While backing out of the driveway I noted a crunching sound from the rear of the vehicle. After driving approx one mile I inspected the rear suspension. I found the driver's side lower trailing arm had rusted to the point that it had collapsed. This vehicle has been kept in a garage in northern virginia since new. Up through Dec 2008 it was used for one winter trip to eastern pennsylvania and northern new jersey. Since I was aware of issues with the rear suspension of this vehicle I had inspected the lower trailing arms approx four months prior to this incident. At that time I found only a half dollar sized circle of scale/rust and some scale/rust on the welded seam on the driver's side trailing arm. There was no indication of an impending failure. I surmise the component rusted from the inside out and thus a visual inspection would not be effective to give a warning of possible failure. Owners should be advised that visual inspection, at least to an untrained eye, may not be effective to indicate impending failure. The last dealer maintenance prior to this incident was a rear brake job in October 2010 at 111,000 miles. Pictures of the failed component are available.
See all problems of the 2001 Hyundai Santa Fe.
My air bags light is always on and will not turn off. The suspension is horrible, I took it to a mechanic and he said" there was nothing he could do. And sometimes when I turn my vehicle on the engine revels up and sounds as if the acceleration is stuck. Scares me to death.
A couple of years ago, I saw the recall on the rear suspension on 03 Hyundai Santa Fe. So I went to two dealers around my area and asked them to check the condition. One of them did not even responded to my question and returned the car, and another one said they are fine and not need to be either treated or replaced. Then a few days ago, just web surfing the web and found the symptoms of the problem of the rear tailing arms recall. My car has all that symptoms right now, but Hyundai is telling me that my vehicle is not equipped with the faulty trailing arms, and my vehicle is not qualify for the recall. My car swing when I make turns weirdly. It feels like you have a loose trailer in the back. Also the height of the car had been lowered, and also when I go over a speed bump, I hear creaking sound. I have replaced the front struts, strut mounts, and rear shocks so they are not coming from those.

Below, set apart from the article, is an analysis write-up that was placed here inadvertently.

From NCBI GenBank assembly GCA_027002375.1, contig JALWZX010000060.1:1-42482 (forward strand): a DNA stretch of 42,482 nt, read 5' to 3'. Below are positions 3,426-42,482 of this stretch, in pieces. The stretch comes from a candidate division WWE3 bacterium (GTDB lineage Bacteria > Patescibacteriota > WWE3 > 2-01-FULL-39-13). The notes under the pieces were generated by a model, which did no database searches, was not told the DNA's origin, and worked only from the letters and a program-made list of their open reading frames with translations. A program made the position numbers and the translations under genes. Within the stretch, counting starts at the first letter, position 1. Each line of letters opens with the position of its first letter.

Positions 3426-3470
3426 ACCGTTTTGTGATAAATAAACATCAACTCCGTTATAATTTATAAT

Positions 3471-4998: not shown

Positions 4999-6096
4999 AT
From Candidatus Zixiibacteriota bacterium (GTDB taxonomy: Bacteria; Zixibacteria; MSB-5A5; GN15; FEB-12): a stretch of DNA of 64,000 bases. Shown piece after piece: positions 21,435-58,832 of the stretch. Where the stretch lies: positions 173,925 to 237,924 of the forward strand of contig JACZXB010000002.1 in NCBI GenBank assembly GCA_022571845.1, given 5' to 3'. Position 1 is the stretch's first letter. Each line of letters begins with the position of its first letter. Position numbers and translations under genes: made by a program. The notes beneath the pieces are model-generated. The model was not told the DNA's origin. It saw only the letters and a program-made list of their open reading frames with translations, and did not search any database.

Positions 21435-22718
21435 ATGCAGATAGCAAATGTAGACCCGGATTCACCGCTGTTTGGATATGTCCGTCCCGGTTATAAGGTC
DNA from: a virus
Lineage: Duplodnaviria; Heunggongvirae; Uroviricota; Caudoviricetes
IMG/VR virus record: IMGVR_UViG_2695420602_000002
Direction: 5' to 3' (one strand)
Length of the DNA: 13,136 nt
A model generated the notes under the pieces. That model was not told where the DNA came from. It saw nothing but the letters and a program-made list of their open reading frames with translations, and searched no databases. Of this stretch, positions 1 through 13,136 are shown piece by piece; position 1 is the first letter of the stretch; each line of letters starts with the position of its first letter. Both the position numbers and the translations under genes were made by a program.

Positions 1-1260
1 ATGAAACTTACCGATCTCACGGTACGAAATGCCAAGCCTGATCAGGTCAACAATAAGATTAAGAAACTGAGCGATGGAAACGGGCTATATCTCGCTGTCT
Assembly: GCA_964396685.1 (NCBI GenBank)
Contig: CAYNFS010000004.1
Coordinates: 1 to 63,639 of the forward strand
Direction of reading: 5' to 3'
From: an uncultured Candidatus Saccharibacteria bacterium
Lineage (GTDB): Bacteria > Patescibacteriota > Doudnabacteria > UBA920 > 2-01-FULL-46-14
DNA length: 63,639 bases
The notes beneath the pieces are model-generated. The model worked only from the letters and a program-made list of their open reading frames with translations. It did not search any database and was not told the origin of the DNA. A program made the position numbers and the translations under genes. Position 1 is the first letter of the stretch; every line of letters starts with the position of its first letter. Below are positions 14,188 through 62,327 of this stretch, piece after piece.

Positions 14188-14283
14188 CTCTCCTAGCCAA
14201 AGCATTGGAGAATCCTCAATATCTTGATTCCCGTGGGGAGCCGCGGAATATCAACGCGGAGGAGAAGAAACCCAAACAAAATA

See all problems of the 2003 Hyundai Santa Fe.
The contact owns a 2001 Hyundai Santa Fe. The contact stated that while driving at approximately 30 mph, the driver heard a loud noise; both trailing arms fractured due to corrosion. The vehicle was towed to a local mechanic. The contact called the manufacturer who informed her that recall 09v123000 (suspension: rear) was in effect. The rear suspension was repaired and the rear axle replaced according to the recall. Since the repair, the vehicle shakes, shimmies and rattles. The check engine light was illuminated at all times and the vehicle was hard to steer as it pulled from left to right. The current and failure mileages were approximately 129,000.